The active approach has a few aspects that may be applied during course of encounter. The first aspect, which must be applied right from start, and all through encounter, is to communicate to difficult person that they are fighting a losing battle. No matter what they try to say or do, they will not convince you to become any different than you are. Now this will not be something you say outright. If you do, then you are throwing out a challenge, and difficult people always love challenges. Don't make situation any more difficult than it is already. Instead, you will implement second aspect of active approach.
Animal Cruelty: The Key to Serial Minds Written by C. Bailey-Lloyd/LadyCamelot
What makes a common person a Serial Killer? According to research, serial killers exhibit what is known as 'Triad of Warning Signs in Childhood.'1
* Firestarting, invariably just for thrill of destroying things * Cruelty to Animals: Most children can be cruel to animals, such as pulling legs off of spiders, but future serial killers often kill larger animals, like dogs and cats, and frequently for their solitary enjoyment rather than to impress peers. * Bedwetting beyond age when children normally grow out of such behavior.
One of society's more notorious serial killers, Jeffrey Dahmer explained that wanted to remove 'free will' from his victims so that they would stay with him. In his past, he suffered from abandonment and was afraid of loss and any social upheaval. Another one of his extremely displaced characteristics was that he suffered from low self-esteem. His parents divorced during his teens, and when he did go to college, he performed badly. Upon examination of three psychologists, Dahmer was found to be manipulative, resistant and evasive.2 Further studies of Dahmer revealed that he could not tolerate rejection or abandonment; and that control was number one factor for him. One clue to his unusually sick behavior was that even in his relationships, Dahmer did not gratify his sexual partners - instead, Dahmer always expected to be pleased by them.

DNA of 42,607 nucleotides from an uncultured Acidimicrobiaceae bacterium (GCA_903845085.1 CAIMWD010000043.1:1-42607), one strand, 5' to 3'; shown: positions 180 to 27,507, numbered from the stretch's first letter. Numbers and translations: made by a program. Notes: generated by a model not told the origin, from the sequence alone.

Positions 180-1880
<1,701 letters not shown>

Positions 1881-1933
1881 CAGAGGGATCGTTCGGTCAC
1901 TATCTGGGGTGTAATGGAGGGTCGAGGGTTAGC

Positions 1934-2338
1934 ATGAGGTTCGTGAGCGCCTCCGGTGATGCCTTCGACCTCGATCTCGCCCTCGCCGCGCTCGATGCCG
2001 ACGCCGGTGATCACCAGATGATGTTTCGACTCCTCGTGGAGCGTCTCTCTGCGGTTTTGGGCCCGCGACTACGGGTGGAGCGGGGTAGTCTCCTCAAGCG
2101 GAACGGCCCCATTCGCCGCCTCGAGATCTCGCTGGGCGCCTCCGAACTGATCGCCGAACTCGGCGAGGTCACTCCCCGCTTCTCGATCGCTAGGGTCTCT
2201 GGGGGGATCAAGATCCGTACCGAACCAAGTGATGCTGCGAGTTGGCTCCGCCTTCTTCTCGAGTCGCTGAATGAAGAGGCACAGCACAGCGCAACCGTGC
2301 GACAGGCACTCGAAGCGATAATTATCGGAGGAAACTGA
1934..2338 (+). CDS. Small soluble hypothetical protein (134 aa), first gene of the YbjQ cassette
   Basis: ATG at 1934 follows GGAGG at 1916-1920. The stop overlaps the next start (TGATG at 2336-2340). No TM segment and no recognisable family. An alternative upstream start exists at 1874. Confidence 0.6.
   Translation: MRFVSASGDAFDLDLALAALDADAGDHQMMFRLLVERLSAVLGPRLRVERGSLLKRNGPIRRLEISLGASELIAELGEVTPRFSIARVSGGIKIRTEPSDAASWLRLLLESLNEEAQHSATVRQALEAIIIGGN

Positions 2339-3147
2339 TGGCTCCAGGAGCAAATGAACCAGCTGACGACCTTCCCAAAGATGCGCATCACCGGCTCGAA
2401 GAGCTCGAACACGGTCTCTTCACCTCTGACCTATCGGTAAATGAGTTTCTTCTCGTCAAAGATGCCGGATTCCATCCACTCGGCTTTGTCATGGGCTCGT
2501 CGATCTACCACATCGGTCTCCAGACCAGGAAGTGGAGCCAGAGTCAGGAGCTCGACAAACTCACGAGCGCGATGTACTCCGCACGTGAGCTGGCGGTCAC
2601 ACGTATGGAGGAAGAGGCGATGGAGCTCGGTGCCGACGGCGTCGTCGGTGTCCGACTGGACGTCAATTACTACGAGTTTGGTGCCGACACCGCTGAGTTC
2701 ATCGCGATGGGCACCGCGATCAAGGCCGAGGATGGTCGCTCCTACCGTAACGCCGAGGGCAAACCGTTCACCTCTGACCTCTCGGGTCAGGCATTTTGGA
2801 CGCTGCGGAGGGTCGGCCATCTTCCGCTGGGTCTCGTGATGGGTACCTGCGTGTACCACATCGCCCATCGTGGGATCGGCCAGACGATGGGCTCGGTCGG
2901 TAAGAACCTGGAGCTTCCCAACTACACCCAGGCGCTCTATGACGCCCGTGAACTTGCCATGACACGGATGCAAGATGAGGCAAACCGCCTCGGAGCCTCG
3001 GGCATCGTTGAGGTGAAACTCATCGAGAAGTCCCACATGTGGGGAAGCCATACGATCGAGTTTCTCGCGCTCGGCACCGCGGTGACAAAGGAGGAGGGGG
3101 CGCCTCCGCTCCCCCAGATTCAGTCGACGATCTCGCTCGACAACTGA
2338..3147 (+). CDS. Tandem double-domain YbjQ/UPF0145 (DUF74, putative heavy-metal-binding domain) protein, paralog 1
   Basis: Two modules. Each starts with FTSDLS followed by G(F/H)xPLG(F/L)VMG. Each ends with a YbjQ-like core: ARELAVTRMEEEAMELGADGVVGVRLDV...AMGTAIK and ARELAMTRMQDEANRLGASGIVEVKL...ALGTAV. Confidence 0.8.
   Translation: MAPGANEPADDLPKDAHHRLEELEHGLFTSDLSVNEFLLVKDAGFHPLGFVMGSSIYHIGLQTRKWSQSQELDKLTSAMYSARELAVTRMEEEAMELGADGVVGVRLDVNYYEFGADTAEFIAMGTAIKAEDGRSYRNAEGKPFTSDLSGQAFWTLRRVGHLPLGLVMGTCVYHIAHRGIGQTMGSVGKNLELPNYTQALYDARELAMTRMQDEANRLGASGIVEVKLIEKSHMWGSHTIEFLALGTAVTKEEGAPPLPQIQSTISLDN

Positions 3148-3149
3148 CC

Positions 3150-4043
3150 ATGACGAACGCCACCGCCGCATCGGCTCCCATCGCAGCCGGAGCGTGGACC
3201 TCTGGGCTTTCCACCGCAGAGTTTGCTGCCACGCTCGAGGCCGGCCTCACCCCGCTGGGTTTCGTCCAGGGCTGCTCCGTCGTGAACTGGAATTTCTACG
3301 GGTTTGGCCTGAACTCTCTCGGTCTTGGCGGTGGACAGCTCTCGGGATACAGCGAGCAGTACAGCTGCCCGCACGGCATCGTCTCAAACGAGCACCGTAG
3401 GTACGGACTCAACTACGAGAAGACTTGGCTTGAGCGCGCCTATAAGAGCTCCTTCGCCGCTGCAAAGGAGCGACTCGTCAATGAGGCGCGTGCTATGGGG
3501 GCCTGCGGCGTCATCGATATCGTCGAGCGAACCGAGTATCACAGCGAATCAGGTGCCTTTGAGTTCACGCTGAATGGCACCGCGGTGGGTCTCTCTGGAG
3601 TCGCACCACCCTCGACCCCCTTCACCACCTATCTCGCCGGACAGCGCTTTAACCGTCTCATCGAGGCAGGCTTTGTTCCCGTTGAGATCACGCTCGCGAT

According to Pat Brown's Book, Killing for Sport: Inside Minds of Serial Killers '...serial killers are of average intelligence....most have low level jobs and make poor decisions. ' And, '...it is exactly these poor decisions that get them in trouble on their jobs, in their relationships, and in their crimes.'
Based on studies, serial killers usually choose victims that they can easily overpower, such as persons having short height and low weight. Additionally, 'serial killing is not about sex at all, but about power and control and revenge on society.' 2
Ted Bundy, who murdered at least 36 women, was known for his expressed desire to acquire things. From theft, to importance of social standing, he pined to break free from working class from which he was born. Additionally, he 'needed' to possess expensive items as well. Per research, Ted came from a single-parent home, was a severe sexual deviate; and women threatened him. He felt need to not only control them, but to incapacitate them as well. As a teenager, Ted Bundy became known for his violent temper.
But what do serial killers like Dahmer, Bundy and others like them have in common?
'Jeffrey Dahmer, Ted Bundy, Andrew Cunanan, David 'Son of Sam' Berkowitz, and Albert 'Boston Strangler' DeSalvo were ALL cruel to animals before they started hurting people.'6 Subsequently, killer teenagers Eric Harris, Dylan Klebold (Columbine HS), and Kip Kinkel were also known for their past history of animal cruelty. In study from of 'The Care of pets within child abusing families,' presented by DeViney & Lockwood, 88 percent of homes were animal abuse had occurred, children were also abused.